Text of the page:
• Essays on retirement plans and fund commonalities within mutual fund families

      VanDerhei, Jack L.; Elyasiani, Elyas; Reeb, David; Viswanathan, Krupa S. (Temple University. Libraries, 2008)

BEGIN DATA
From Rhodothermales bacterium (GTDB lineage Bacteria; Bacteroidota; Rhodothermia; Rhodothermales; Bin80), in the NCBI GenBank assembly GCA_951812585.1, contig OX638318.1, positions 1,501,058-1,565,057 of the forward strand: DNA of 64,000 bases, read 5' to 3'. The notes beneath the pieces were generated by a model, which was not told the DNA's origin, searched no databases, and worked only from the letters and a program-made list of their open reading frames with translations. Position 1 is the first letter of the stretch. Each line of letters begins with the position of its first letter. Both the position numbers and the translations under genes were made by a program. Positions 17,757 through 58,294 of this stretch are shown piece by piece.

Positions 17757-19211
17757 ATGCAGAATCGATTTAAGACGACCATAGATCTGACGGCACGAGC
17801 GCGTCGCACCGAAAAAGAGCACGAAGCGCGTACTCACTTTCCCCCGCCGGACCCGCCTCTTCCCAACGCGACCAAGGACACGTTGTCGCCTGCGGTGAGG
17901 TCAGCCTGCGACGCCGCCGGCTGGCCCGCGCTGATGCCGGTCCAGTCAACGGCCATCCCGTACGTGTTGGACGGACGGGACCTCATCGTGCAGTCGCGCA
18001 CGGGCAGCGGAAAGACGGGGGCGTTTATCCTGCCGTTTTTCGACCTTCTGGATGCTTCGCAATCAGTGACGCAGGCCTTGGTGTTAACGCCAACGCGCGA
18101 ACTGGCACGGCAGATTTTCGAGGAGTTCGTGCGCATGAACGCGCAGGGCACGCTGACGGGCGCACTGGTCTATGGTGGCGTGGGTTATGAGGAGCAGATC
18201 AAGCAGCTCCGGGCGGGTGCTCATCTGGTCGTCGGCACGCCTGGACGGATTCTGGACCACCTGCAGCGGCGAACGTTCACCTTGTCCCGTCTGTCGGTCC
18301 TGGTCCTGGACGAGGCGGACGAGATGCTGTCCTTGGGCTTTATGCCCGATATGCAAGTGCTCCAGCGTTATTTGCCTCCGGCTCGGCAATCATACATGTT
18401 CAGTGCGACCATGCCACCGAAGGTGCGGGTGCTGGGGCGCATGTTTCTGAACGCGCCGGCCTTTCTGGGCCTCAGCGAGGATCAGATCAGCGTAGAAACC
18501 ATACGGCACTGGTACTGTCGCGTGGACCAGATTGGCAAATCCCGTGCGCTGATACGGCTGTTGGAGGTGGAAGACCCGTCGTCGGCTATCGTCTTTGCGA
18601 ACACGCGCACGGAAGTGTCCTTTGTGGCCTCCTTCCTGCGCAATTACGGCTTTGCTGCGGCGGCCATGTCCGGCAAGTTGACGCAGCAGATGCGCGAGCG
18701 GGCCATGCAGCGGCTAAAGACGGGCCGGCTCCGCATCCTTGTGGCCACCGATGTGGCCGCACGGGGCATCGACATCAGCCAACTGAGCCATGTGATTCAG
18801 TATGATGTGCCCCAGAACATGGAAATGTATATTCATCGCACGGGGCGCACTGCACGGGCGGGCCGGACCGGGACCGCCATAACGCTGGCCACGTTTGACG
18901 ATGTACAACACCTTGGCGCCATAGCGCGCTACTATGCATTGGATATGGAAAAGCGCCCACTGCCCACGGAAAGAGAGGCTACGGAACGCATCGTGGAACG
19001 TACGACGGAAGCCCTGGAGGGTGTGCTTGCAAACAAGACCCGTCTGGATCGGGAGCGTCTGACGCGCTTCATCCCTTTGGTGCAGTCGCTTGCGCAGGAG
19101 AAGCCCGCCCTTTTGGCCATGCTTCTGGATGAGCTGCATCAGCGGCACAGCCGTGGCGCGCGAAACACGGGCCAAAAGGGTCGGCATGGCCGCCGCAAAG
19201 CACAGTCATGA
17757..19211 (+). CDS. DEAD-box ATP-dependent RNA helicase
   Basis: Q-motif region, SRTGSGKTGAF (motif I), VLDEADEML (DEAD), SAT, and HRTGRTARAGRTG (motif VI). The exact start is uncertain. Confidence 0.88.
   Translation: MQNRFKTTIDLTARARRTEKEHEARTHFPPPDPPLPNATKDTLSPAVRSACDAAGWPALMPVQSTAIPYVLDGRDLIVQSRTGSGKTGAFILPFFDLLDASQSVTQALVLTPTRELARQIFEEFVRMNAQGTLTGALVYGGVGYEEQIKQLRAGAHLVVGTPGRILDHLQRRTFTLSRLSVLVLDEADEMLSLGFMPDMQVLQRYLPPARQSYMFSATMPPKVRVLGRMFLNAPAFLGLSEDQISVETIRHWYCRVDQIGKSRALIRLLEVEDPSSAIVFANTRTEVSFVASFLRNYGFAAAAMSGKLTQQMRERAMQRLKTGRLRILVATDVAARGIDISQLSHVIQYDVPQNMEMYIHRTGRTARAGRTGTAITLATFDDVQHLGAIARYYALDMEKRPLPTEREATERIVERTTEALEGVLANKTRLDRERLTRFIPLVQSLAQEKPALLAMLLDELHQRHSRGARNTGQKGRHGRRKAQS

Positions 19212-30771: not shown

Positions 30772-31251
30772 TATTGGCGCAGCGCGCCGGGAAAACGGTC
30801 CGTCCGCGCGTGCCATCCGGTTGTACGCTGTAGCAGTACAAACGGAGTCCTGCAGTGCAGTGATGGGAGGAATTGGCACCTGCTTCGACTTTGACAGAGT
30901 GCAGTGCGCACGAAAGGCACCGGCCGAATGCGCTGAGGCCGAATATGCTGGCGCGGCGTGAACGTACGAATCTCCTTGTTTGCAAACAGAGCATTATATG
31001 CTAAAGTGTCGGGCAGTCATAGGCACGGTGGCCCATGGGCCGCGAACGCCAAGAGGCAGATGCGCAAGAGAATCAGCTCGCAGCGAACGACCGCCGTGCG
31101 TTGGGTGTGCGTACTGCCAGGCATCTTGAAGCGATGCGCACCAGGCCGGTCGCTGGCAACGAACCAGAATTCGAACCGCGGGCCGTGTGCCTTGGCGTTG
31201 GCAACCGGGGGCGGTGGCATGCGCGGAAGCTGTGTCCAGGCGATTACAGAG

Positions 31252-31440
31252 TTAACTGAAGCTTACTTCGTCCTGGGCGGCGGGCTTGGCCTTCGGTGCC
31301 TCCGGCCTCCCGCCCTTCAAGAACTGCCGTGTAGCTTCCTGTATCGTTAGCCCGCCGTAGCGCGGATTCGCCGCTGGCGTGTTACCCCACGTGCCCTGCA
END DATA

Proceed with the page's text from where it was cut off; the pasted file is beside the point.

This dissertation studies underfunding in defined benefit (DB) pension plans and firms' contribution behavior, 401(k) plan participant investments in lifecycle funds under plan sponsors' initiative, and fund commonalities within mutual fund families. Responding to the recent decline in DB pension funding, firms have increased pension contributions to their underfunded plans. In the first essay I empirically examine firms' contribution behavior to underfunded DB plans and funding choice for pension contributions. I find that firms reveal different sensitivities of pension contributions to underfunding across aggregate funding levels. Furthermore, at a lower funding level firms have the greater sensitivity of pension contributions to underfunding and significantly utilize the tax deductibility of pension contributions. As for a funding choice to fund pension deficits, firms use debt financing at a low funding level, but utilize internal funding by decreasing capital expenditures at a lower funding level. Firms that use the debt financing are likely to have investment-grade credit ratings or high debt leverage, while firms that use the internal funding are likely to be high-levered ones. Recently lifecycle funds have rapidly grown in self-directed retirement plans. Despite the increasing popularity among plan sponsors and participants, there are few empirical studies on lifecycle funds. In the second essay, I examine the recent lifecycle fund adoption behavior of 401(k) plan participants from 2004 to 2006. I find that the likelihood of participants changing an investment strategy to adopt lifecycle funds is not significantly affected by participant demographic characteristics, but by participant account and plan design features. This study extends our understanding of 401(k) plan participants' investment behavior by finding (1) that the substitution of lifecycle funds for balanced funds, as well as the designation of lifecycle funds as a plan default, strongly affect participants' investments in lifecycle funds and (2) that balanced fund holdings of participants are negatively associated with their lifecycle fund investments. Mutual funds account for a significant portion of household financial assets and retirement assets. An understanding of characteristics of mutual funds is crucial to fund investors--especially those whose retirement nest eggs are in mutual funds. In the final essay, I examine the impacts of fund commonalities within mutual fund families on fund characteristics in terms of return residual correlations and fund operating expenses. As fund commonalities within a fund family, I focus on common stock holdings and common management of funds. I find that common stock holdings and an existence of a common manager of funds are positively related to return residual correlations, but negatively related to fund operating expenses. This finding suggests that when investors select low-cost equity funds within a family, they should be aware that there exists an investment risk that the fund commonalities that lower fund operating expenses may additionally increase return correlations of the funds.